Unifying brain theories of cortical function often describe the brain as a prediction machine, based on a generative model (given X, what's the probability of Y). In this context, from Bayesian perspective, our brain attempts to infer hidden causes about what is perceived through sensory organs (I see a ball about to hit me (X), who threw it (Y)).

A similar thought is presented in predictive coding, where the brain would 'predict' what will happen in the future, or what happened in the past. ('I see a ball about to hit me (X), I predict it was thrown by Y')

Intuitively (and colloquially speaking), predictions and causes are orthogonal to me - but in this context they seem remarkably equivalent. Are they different, and if so, how?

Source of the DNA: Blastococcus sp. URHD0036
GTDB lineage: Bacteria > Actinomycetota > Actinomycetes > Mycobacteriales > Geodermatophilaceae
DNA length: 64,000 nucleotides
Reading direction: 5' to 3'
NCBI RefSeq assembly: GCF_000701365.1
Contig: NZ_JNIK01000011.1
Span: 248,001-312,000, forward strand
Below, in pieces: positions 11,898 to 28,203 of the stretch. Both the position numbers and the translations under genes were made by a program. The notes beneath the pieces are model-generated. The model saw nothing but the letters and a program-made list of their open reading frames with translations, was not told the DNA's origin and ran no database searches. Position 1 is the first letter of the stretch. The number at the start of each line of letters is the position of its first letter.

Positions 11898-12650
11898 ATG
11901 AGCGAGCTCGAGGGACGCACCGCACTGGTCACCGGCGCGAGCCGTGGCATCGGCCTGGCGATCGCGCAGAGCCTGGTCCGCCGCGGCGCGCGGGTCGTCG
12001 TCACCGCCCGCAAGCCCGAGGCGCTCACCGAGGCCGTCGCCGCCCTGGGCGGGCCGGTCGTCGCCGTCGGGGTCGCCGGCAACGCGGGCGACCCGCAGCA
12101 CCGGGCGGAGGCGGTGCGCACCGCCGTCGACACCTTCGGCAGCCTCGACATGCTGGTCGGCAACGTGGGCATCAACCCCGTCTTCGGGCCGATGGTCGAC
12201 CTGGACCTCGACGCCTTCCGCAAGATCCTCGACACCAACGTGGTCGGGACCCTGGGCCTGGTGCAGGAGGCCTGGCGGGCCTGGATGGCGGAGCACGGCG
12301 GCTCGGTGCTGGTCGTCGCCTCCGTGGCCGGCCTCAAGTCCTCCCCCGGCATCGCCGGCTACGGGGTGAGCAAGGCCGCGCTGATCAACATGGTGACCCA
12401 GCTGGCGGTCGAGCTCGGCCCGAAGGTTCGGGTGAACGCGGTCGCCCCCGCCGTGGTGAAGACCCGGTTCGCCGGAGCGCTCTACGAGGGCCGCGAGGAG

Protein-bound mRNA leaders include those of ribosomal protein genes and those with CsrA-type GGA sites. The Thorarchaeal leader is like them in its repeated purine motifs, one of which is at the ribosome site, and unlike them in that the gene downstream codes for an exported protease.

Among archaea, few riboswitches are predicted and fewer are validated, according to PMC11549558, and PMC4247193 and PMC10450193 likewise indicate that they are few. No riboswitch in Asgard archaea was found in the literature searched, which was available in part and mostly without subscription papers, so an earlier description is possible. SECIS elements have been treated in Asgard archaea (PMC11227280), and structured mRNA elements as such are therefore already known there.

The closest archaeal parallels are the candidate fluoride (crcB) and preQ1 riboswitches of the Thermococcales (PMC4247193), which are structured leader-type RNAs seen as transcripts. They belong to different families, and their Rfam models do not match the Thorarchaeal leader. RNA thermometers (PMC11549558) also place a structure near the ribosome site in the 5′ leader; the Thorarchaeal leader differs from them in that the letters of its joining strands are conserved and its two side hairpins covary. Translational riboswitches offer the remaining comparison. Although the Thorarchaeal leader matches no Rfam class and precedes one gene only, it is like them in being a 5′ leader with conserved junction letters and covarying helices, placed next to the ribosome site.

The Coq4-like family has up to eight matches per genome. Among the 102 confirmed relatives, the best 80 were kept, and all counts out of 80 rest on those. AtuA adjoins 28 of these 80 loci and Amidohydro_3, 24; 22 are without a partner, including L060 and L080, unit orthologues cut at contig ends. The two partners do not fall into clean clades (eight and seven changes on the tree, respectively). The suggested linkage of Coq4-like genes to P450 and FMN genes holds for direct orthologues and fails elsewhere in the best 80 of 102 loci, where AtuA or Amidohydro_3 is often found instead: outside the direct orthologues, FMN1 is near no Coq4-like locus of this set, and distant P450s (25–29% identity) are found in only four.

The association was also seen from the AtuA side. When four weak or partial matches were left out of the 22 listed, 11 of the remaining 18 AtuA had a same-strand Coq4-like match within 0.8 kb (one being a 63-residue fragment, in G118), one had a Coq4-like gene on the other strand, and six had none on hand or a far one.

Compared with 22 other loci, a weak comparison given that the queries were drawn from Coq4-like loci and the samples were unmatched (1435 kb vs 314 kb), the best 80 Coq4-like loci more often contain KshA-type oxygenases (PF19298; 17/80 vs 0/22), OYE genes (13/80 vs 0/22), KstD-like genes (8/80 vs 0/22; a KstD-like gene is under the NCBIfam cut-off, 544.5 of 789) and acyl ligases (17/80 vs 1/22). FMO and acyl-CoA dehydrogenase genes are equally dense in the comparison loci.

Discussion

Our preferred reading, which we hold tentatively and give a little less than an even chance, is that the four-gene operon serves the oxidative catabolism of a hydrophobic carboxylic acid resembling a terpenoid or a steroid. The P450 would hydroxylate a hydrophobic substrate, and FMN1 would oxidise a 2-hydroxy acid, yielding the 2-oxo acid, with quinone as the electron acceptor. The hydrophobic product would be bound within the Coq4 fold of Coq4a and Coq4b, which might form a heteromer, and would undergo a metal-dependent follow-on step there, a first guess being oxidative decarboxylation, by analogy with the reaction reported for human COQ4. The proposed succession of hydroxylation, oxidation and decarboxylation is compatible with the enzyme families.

Correct me if I'm wrong here, but after some more reading and thinking this is what I took away: both the term 'prediction' and 'cause' here refer to the maximum likelihood of a distribution ($Y$), meaning the probability of an event ($X$), given sensory data ($Y_{1}$) and the likelihood given prior data ($Y_{2}$) .

Even though maybe seemingly orthogonal to some (like me), the terms here would actually represent the same thing (i.e. no difference).

Please post a better answer if this is partially or completely incorrect =)


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